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Introduction

The health care industry is one of the largest employers worldwide. With so many different health industry jobs and opportunities to pursue, you can find a job that fits your interests and strengths. Here are some of my favorite career paths that fit people who like working with others or want to go into research:

Biomedical Engineer

Biomedical engineers are responsible for designing and developing medical devices and equipment. They might be involved in the development of artificial organs, prosthetics, or other medical equipment that helps people with physical disabilities.

Biomedical engineers are also responsible for creating new surgical procedures that improve patient outcomes. This may involve developing tiny devices that can be placed inside a patient’s body to treat specific illnesses or conditions.

If you want to work as a biomedical engineer, you’ll need at least an undergraduate degree in biomedical engineering or another relevant field such as mechanical engineering or electrical engineering

Chiropractor

Chiropractors are healthcare professionals licensed to treat patients with neuromusculoskeletal problems. They work with the skeleton and the nervous system to help improve movement and decrease pain.

Chiropractors have a doctorate, which is required for licensure in all states except Oregon. Doctors of Chiropractic (DC) may also be certified by a board of chiropractic examiners within their state. Some states allow DCs to bill insurance companies directly through a “direct pay” option, while other states require a referral from another physician or physical therapist before they can see you directly without prior authorization from your health plan or insurer.

Dental Assistant

Dental assistants are professionals who help dentists with the daily tasks of running a dental office. Duties may include:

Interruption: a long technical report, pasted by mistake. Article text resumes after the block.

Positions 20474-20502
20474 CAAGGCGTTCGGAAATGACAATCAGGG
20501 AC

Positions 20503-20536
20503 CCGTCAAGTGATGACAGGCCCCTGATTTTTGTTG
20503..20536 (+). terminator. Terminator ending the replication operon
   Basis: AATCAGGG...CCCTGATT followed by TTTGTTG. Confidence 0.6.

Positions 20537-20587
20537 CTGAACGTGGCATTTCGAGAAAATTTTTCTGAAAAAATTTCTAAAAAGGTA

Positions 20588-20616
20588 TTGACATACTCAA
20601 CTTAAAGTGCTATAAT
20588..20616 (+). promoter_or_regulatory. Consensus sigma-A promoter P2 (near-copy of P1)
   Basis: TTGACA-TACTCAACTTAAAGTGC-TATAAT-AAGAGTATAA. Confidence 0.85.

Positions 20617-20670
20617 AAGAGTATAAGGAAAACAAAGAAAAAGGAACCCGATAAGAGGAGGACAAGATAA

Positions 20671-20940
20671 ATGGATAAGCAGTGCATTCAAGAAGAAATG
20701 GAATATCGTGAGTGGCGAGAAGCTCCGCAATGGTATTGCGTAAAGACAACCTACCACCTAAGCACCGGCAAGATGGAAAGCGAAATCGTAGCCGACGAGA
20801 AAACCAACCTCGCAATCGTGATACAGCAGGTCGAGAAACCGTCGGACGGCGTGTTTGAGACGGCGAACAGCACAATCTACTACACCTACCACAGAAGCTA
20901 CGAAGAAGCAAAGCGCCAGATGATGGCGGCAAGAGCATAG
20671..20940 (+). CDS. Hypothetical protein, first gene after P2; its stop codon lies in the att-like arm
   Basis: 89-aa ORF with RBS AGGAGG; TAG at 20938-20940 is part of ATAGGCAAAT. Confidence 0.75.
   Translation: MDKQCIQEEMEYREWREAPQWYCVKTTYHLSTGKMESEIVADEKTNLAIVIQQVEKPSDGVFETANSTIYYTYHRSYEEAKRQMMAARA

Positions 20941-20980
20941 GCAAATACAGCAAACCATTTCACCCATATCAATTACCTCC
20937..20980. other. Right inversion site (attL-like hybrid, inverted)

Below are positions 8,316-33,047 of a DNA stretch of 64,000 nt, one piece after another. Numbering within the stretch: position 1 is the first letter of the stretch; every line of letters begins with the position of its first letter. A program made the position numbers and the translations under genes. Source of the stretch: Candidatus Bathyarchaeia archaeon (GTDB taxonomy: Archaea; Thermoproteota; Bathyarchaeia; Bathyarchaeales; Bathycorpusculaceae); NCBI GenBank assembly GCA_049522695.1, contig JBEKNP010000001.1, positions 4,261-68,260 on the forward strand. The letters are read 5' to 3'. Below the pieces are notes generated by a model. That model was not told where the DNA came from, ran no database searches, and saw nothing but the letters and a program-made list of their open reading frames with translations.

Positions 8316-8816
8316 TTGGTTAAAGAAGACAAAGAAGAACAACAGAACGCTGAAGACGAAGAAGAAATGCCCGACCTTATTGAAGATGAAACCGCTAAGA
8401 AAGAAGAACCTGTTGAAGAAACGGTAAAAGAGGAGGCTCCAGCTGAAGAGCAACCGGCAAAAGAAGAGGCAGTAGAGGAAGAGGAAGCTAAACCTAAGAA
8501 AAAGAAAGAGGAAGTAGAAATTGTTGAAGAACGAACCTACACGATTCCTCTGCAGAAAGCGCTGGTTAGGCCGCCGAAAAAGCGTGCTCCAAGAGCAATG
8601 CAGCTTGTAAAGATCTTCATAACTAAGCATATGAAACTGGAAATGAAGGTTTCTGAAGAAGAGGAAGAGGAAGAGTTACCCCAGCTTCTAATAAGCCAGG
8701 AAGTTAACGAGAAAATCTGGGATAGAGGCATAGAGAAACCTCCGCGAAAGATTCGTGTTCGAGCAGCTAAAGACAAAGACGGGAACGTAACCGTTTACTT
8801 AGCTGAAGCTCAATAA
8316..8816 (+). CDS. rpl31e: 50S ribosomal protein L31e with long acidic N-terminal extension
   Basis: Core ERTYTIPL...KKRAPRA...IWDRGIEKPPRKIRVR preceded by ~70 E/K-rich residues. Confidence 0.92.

• Taking x-rays
  • Putting on surgical gloves to assist in procedures
  • Cleaning teeth and gums, including scaling and polishing
  • Removing plaque from teeth using ultrasonic scalers, hand instruments, or periodontal curettes (special curved scissors)

Dental Hygienist

Dental hygienists work with dentists and other dental professionals to provide preventative dental care. They use a variety of tools and equipment to clean teeth and gums, including scaling equipment, prophylaxis units, ultrasonic scalers, air abrasion units, air polishers, and water irrigators. To help patients maintain oral health at home, they provide instructions on how to brush their teeth effectively as well as how often it should be done.

Health Care

Diagnostic Medical Sonographer

Sonographers use ultrasounds to help diagnose medical conditions. They perform ultrasounds on patients and interpret the images, providing valuable information to doctors about a patient’s health. Sonographers work in hospitals and other clinical settings, but some may also work for private physicians or imaging centers.

Sonographers play an important role in the diagnosis of many conditions, including abdominal problems (such as appendicitis), breast cancer, heart disease, kidney disease, and gallstones. Some sonographers also specialize in obstetric ultrasound—taking pictures of babies while they’re still inside their mothers’ wombs.

Dietitian or Nutritionist

If you love cooking and the science behind food, a career as a dietitian or nutritionist might be right up your alley. Dietitians work with people to help them make healthy food choices that fit their lifestyle and health needs. They may also work with people who need to eat special diets due to medical conditions like diabetes, cancer treatment, and heart disease.

Dietitians are not medical doctors, but they have extensive training in all things related to food: how it’s grown or processed; how it affects our bodies; and how different foods can help nourish us when we need extra energy or lose weight—and which ones are best avoided because they’re unhealthy (like high-fat dairy products).

Education Coordinator

An education coordinator is a job that works with students and faculty to plan, implement and evaluate educational programs. The job involves working with other staff members and planning events and activities. This can include helping organize campus career fairs, academic conferences, or even just individual classes.

An education coordinator must have excellent communication skills as they will be dealing directly with the clientele daily. They must also be able to work well under pressure as there may be multiple deadlines for various events throughout any given semester. This job does not simply involve planning events, but also being able to handle any issues that arise during these events in a professional manner.

Health Care Administrator

A healthcare administrator is a person who manages the day-to-day operations of a healthcare facility, including overseeing employees and helping to ensure that patients are receiving quality care. As an administrator, you might be responsible for managing budgets or making sure that staff members are properly trained.